Thursday, February 8, 2018

The Memory of Books

Posted by: PG Forte
I started writing this post in the same way I start many of my blog posts, by checking to see what kind of weird holiday is being celebrated. Today is National Kite Day.  Woohoo! So, at first, I thought I was going to attempt a post about kites as symbols of freedom and inspiration....

Sounds good, doesn't it?  I'm sure I will get around to that—someday. But before I got started, my train of thought took off in another direction. 

I suddenly remembered a book I had as a child that was all about children living in Japan. It was a children's picture book, one of a series of books exploring the lives of children in various cultures, that  originally belonged to my mother. And in it I recall reading all about Boy’s Day (which has since been renamed Children’s Day apparently), which was celebrated by flying kites.

Girl’s Day was a separate holiday. At least it was at that time. I don’t know what’s become of it now. And it  involved special dolls that, if memory serves, could only be played with on that one day.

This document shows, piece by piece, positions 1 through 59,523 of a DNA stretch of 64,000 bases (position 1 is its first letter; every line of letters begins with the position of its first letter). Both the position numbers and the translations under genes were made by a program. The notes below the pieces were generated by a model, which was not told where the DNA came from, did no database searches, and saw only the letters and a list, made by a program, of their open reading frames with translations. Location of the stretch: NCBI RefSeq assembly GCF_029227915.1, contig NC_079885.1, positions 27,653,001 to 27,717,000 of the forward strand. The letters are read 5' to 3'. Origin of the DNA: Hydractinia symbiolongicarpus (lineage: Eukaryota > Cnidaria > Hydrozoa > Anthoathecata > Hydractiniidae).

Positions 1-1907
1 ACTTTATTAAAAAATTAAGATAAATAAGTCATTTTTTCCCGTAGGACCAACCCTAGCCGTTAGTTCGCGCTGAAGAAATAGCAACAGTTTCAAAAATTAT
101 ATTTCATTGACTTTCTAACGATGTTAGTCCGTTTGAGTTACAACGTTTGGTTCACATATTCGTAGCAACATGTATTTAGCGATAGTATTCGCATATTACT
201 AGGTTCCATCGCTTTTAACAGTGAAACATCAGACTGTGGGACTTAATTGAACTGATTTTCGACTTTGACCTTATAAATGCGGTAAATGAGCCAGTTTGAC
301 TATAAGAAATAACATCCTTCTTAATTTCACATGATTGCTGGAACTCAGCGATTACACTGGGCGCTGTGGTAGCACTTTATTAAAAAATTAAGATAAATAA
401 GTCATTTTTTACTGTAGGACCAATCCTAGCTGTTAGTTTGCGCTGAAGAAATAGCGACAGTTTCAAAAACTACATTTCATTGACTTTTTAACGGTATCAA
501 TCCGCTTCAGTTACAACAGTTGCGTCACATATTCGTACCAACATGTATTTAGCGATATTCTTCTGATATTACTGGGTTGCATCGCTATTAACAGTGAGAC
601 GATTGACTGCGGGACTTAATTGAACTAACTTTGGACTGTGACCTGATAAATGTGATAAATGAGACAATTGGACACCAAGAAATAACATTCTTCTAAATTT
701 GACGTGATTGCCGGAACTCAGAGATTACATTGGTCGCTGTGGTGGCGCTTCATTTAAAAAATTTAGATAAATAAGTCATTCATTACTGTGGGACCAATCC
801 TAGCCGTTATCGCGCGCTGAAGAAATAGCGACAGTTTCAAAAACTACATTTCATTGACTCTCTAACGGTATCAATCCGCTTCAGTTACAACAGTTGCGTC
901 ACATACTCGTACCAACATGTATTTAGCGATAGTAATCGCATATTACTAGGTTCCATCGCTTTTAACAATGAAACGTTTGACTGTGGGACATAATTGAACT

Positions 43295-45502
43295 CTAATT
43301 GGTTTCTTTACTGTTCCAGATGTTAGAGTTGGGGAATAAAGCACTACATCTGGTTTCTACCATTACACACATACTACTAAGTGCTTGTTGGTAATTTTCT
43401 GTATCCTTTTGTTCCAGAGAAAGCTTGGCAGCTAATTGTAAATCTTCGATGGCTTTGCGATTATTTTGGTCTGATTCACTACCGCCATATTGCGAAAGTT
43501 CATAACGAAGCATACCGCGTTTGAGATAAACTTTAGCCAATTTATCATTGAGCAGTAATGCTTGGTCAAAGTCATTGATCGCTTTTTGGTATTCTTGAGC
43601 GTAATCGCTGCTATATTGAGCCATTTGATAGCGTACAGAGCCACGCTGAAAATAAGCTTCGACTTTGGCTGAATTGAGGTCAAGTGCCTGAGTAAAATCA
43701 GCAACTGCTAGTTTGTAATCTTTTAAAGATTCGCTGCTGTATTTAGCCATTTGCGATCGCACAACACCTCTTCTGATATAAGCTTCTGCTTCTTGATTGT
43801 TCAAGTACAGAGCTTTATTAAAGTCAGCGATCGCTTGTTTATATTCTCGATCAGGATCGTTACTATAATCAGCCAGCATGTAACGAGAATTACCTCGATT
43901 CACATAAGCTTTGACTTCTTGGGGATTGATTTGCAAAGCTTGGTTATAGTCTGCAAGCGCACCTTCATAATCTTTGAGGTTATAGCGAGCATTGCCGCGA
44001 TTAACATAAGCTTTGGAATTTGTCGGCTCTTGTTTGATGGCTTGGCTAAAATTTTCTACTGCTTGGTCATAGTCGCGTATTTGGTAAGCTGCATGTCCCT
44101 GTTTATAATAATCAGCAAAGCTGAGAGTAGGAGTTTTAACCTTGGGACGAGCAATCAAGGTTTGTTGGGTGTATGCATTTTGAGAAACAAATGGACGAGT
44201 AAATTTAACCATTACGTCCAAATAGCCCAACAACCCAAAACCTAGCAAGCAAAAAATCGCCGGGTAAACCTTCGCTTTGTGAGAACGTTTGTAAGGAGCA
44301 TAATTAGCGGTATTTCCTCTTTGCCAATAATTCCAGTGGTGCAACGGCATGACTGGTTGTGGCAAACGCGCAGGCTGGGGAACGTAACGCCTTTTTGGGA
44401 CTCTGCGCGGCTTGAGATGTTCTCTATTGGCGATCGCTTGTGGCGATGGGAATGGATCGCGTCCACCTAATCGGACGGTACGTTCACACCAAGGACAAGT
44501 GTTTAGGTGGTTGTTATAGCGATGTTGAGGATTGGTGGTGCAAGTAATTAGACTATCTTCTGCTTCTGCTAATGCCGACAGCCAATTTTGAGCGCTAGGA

From there, as I remember, it was an easy leap to wanting to read more books about Japanese Dolls. Which naturally led me to Rumer Godden’s books Miss Happiness and Miss Flower and Little Plum.  And then to Ms Godden’s other doll books, and then to doll books by other authors, such as Helen Clare’s Five Dolls series.

That led me to thinking about other books I’d loved as a child, too many of which I can no longer enjoy reminiscing over since I don't recall either  the author or the title.

Perhaps I should try hypnosis? Hmmm...there’s a thought.

One book that I did manage to stumble across, not that long ago, is called The Forgotten Door by Alexander Key. It’s a YA science fiction story about a boy from a different world who falls through a door and ends up on Earth.  

Anyway, somewhere along the way my train of thought became derailed. All I could think about was all those books--some of which were written almost one hundred years ago--and that ended up being loved by generations. How wonderful is that? I don't think I can imagine anything better for an author.

So what about you? What were some of your earliest, favorite reads? Can you still remember them? And, if you’ve happened upon them again as an adult, have you reread them? What’s your impression of them now?

1 comment:

  1. Two of my favourite books as a kid were Ozma of Oz and The Diamond in the Window. I took them out over and over from the library.

    As an adult I acquired my own copies--and have read the books to my children. I just finished rereading The Diamond in the Window to my daughter and we both really enjoyed it.

    Not all books from my childhood have held up as well, but those two did!


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